We were told that almost 85% of that annual budget goes to minister salaries, which leaves us nothing to fund many of the programs that are really taking off (hispanic church plant that baptized 20 people last year, a new ministry to reach out to people in crisis, an orphanage, the food bank, etc...). That's right, these programs right now will get nothing even though all signs point to them being outstanding and needed in our community.

But we were also told that it could all be funded... if we could increase giving another 8%. Yet the $850,000 in minister salaries is untouchable, and I guess we'll keep the utilities on even if the homeless don't get fed.


I will try hard to remember that none of these systems are perfect, and the people within these systems are worthy of my respect and love.

Yet as a Christian I am not called to always be compliant.

A corporate system gives me no right to treat people as less just because I am their manager on an organizational charts.

A financial system gives me no right to make millions at others' expense -- it is not a zero-sum game.

A social system gives me no right to separate my world into "us" and "them" because of skin color or gender.

A governmental system gives me no right to ask for benefits that I can't fund.

A religious system gives me no right to write checks to church and let the professional minsters take full responsibility for being the hands of Christ.

I give up these rights because I saw Jesus do the same, and his example inspires me to a higher path than letting all these systems tell me what to do.

I screw this up a lot. I need a lot of help. But I try!

Tuesday, January 18, 2011

The list

I'm having a heck of a time finding a place where I feel a fit at church these days. There are many people there who love me very much, and I love them in return. Yet I'm not sure they totally 100% love the real me, or just the orthodox part of me that I'm willing and brave enough to show on Sundays and Wednesdays.

While I'd like to think I have enough grace to love all parts of their souls and lives, even their flaws, they surely wear the same facade of righteousness just to play it safe. And so we go on, week after week, loving each other which is the easiest thing in the world, because really, the only parts of ourselves that we show are very lovable!

This topic came up recently in our Wednesday night discussion group, and it turned into one of those open windows where I took a bit of a chance to see what would happen.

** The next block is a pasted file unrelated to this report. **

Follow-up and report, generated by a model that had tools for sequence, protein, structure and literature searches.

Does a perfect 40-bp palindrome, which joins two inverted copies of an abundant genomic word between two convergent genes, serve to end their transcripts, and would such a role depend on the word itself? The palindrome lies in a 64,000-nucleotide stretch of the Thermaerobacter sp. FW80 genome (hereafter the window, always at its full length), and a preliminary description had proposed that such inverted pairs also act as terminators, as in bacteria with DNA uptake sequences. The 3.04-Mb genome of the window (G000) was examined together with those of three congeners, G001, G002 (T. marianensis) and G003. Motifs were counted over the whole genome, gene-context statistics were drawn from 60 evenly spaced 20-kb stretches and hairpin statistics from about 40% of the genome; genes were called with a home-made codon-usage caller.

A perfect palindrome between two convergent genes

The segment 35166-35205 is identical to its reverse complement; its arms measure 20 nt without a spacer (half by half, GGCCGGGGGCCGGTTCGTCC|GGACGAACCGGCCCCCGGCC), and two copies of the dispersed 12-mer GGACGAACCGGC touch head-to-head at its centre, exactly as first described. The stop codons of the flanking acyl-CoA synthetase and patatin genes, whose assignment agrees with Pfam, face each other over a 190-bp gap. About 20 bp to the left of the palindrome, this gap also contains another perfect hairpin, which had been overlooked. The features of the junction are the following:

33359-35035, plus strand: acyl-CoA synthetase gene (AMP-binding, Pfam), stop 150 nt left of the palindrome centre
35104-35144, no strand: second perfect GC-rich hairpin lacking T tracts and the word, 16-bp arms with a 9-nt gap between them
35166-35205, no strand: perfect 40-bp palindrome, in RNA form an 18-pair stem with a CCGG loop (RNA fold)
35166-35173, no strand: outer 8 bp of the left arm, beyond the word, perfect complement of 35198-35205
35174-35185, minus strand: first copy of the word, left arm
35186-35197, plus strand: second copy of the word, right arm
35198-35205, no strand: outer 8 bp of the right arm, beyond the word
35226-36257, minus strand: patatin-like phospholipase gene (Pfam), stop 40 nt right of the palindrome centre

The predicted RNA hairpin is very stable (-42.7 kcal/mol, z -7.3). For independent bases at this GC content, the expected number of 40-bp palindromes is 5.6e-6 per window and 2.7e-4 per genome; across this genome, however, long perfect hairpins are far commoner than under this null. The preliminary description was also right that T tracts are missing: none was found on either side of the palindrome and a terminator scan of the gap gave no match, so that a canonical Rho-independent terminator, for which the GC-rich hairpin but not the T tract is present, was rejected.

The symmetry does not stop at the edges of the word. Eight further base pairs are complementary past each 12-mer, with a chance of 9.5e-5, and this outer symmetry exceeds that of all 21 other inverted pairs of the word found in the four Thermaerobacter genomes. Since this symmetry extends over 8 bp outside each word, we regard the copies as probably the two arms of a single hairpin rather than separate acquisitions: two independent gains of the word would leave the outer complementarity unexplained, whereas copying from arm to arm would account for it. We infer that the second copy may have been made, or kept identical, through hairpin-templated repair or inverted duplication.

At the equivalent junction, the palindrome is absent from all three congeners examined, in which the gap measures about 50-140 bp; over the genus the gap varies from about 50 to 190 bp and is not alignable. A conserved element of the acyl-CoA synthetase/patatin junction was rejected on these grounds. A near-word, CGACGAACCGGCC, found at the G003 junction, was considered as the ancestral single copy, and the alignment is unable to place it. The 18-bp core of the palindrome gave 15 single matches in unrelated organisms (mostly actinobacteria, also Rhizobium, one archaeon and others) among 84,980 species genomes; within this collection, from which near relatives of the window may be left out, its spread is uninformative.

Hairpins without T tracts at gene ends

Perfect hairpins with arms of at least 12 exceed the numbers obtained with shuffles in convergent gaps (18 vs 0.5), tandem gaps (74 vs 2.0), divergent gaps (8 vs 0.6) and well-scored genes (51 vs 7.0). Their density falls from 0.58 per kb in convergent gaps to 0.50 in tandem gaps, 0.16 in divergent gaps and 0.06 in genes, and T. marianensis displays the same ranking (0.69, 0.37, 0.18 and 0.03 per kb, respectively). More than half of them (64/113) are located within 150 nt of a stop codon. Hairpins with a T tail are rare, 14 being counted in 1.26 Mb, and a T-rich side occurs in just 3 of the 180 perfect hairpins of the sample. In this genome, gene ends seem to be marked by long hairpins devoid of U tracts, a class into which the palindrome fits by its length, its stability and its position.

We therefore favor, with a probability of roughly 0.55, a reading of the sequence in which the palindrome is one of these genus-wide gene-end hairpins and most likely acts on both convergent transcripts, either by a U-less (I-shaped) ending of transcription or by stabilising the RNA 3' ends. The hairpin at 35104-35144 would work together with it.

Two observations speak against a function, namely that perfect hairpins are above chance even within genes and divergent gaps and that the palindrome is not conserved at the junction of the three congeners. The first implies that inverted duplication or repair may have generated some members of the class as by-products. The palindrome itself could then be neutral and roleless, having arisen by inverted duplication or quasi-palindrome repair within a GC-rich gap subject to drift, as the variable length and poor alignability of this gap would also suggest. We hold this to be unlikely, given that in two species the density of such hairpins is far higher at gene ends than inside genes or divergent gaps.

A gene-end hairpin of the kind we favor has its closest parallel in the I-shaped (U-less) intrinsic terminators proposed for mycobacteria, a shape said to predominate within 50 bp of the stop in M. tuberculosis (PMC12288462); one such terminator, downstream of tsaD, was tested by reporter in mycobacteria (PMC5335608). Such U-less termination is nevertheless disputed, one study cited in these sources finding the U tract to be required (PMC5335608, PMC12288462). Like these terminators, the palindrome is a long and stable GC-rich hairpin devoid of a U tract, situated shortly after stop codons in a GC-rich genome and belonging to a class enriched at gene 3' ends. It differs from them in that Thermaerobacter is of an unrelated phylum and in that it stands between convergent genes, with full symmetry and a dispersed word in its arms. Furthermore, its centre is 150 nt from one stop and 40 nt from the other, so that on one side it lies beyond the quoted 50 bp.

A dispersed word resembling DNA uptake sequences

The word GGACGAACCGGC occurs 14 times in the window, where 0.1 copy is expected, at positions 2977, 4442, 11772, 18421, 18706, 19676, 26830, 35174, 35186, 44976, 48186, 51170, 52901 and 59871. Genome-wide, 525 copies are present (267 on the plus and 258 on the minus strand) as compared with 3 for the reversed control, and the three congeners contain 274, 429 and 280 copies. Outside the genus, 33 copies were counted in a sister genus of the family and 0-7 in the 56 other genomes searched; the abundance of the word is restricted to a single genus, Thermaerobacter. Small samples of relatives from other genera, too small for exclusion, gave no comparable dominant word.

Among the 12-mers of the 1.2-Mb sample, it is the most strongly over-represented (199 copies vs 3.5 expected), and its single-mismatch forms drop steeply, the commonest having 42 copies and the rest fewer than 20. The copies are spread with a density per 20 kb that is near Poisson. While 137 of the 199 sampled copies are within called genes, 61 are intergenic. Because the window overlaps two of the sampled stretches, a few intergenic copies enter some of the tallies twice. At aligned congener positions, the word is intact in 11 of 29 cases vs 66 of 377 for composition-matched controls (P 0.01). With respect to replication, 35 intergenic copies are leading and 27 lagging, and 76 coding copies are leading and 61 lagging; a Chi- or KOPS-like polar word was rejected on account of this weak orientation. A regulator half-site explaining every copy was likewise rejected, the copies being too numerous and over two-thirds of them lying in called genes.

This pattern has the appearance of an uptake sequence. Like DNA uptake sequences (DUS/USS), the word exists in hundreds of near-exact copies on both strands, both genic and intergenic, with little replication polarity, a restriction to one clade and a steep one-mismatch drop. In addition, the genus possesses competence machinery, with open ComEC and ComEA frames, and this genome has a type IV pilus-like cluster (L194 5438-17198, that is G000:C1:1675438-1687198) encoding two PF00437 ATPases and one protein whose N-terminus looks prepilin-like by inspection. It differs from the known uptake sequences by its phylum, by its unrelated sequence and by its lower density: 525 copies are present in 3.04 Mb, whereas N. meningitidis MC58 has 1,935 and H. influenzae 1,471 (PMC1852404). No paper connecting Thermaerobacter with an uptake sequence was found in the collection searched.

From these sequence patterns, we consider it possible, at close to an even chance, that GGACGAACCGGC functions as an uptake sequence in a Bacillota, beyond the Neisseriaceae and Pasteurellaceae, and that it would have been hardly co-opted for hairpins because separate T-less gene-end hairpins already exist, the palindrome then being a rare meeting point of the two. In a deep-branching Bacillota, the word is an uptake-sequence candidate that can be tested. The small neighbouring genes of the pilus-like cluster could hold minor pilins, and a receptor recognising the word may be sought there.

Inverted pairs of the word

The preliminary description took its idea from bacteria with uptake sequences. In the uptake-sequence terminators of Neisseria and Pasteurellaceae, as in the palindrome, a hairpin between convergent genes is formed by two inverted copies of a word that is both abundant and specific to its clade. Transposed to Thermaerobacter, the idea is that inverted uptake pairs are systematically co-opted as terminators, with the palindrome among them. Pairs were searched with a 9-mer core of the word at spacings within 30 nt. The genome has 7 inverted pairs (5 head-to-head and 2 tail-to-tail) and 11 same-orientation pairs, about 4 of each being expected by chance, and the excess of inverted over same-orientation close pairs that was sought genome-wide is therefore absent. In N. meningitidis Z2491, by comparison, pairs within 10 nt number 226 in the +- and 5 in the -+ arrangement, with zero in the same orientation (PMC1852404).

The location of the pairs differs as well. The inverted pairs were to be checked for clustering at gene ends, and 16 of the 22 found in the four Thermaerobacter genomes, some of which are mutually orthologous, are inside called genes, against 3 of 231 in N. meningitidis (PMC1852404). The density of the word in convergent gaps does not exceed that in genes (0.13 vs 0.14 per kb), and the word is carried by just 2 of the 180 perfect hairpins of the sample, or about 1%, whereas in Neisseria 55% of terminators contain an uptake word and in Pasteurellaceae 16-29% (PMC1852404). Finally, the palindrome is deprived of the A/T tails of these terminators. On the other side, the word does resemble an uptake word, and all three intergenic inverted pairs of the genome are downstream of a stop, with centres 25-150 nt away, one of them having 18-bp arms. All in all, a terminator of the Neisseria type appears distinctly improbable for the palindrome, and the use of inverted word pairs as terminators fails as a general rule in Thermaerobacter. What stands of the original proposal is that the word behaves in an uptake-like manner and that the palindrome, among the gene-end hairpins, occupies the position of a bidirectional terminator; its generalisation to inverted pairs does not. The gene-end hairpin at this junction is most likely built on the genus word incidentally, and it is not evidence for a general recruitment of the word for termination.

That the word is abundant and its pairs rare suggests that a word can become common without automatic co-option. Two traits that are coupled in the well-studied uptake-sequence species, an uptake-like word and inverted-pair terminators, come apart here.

Classmate: I think our church is an open place, and the members are open with one another. We share our lives.
Me: I don't think that's true.
Classmate: What do you mean?
Me: I think most of our lives, especially the struggles, are almost completely hidden from our church friends. Take divorce, for example. At least five couples in our group have been separated and divorced over the past few years, and none of us saw it coming. Because they never opened up to any of us about the problems in their marriage. For all I know many of you are having those types of struggles right now. Or maybe Jamie and I am. But the history shows that you'd never know and we don't talk about it here.
Classmate: What can we do about that, though? If they don't choose to be honest and share their lives, how can we know if they need help?
Me: That's just the thing -- I think we've created an environment that makes it almost impossible to be honest about these things. It's like there's a list of sins or problems that we're not allowed to talk about at church.
Classmate: (Challenging) Give me an example.
Me: Let's start with sex, since it's probably the easiest and most obvious. Do you think there are men in this church who struggle with lust, pornography and adultery?
Classmate: Probably.
Me: No probably, I guarantee it. With more than 1,000 members in this church, I guarantee you that there are triple-digit numbers of guys wrestling with pornography. I'm one of them, but it never gets talked about here.
Female classmate: (confused) Triple digits?
Me: At least 100 guys. Sexual temptation and struggle is almost written into our DNA, but after more than 30 years attending church I can't think of a single time I personally witnessed a man testify to his struggle with sexuality. We don't talk about it, and that silence makes it seem that nobody is having this problem. So 100 guys are left to feel alone with no support system until the problem grows large enough for painful consequences to set in.
Classmate: Okay, I see what you're saying. Are there more things on this list?